Insert your and their address and the amount you’re suing for. Don’t forget to add everything reasonable to the amount that you can think of here, the Judge may whittle it down. Calculate interest. Click submit. Pay the court fee with your credit card. Now wait. If you did this before 10am and the court is open, it is issued same day, otherwise the date of issue is the next day.
After 5 days the case is considered served (date of service). The tenant now has a further 14 days to acknowledge the claim. The tenant will either pay at this stage as they know you’re serious or they’ll do one of two other options – defend or ignore.
Ignore is my favourite – it’s very common and results in judgement in your favour due to the tenants inaction, also known as judgement in default. You still need to be on the ball here and log into the system on the relevant date (day 15) and click ‘request default judgement.’ Do this another day or more late and you’re making it easier for your tenant to defend. Set a reminder on your phone and if they haven’t responded within the 14 days request judgment.
Next the Judge issues the County Court Judgement by default that the tenant must pay you the amount you requested within 28 days. Sometimes you get paid at this point (if they do they avoid the CCJ). Otherwise you phone the court and tell them the money is outstanding. They then register a CCJ against your tenant, damaging their credit.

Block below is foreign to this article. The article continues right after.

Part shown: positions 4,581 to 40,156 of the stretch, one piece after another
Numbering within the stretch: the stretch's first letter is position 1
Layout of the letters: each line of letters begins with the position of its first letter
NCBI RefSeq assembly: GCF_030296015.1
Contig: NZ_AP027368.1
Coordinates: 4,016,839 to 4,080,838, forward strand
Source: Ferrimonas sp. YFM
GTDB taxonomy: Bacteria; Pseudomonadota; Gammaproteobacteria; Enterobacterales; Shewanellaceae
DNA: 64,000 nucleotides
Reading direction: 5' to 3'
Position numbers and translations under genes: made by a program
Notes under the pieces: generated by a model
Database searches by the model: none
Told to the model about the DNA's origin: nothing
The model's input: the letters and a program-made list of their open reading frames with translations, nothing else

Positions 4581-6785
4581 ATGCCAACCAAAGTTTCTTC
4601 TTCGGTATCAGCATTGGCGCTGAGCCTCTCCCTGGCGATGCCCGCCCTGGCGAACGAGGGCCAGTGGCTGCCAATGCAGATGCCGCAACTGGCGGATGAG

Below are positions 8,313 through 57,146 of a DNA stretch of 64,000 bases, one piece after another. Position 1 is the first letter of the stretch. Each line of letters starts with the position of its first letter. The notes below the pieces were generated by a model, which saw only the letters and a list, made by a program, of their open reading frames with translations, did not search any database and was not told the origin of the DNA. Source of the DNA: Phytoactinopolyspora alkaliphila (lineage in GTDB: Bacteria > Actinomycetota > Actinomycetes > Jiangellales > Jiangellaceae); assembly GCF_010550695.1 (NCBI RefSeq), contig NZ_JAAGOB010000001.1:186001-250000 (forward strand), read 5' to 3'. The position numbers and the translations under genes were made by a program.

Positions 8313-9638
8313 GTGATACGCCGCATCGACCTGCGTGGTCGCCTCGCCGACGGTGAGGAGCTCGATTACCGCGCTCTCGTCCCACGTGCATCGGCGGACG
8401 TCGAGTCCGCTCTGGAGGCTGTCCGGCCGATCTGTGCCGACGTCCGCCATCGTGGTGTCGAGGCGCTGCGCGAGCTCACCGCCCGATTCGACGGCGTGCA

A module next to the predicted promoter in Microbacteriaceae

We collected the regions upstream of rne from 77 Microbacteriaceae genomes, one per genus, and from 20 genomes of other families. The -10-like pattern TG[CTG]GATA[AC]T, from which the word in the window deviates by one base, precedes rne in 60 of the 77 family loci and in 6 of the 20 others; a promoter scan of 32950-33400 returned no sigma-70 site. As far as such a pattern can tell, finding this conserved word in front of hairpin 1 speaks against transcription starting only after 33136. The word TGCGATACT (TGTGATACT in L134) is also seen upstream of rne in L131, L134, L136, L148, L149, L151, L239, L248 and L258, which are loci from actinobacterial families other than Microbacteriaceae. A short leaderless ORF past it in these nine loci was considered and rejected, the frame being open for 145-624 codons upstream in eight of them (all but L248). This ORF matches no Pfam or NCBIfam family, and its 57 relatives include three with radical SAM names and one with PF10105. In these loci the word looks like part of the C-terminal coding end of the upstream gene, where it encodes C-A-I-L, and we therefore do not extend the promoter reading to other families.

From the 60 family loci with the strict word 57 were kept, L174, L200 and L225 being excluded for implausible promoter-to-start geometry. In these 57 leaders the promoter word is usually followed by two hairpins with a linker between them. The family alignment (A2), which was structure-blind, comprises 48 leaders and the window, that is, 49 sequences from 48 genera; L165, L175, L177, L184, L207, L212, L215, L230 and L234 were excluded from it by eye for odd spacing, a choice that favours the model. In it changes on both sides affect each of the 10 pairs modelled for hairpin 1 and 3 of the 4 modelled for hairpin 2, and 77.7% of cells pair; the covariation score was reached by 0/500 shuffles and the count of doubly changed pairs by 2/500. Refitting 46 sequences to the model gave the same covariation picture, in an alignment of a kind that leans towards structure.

If they haven’t paid, you can choose your remedy to recover the money they owe you. You can refer back to your Application Form (remember I told you this was useful) this allows you to decide if you’ll get a third party debt order against the bank details on the form to recover funds from the account. You determine the timings for this from the bank statements and payslips you have so the money comes out on their pay-day. You could request an attachment of earnings – an automatic deduction from their payslip every month by their employer (so they also learn of their bad behaviour). You could snatch their assets (warrant of execution) – car? TV? Possessions? You could attach it to their house (charging order) so they cannot sell their house without paying you first.
If you don’t have an application form, all is not lost. You can request an order to obtain information which orders them to appear in court to answer questions from the court and also from you if you wish to get them to reveal any assets, income or bank accounts they may have. This will unnerve them and either make them pay to avoid a court appearance or give direction to your debt recovery.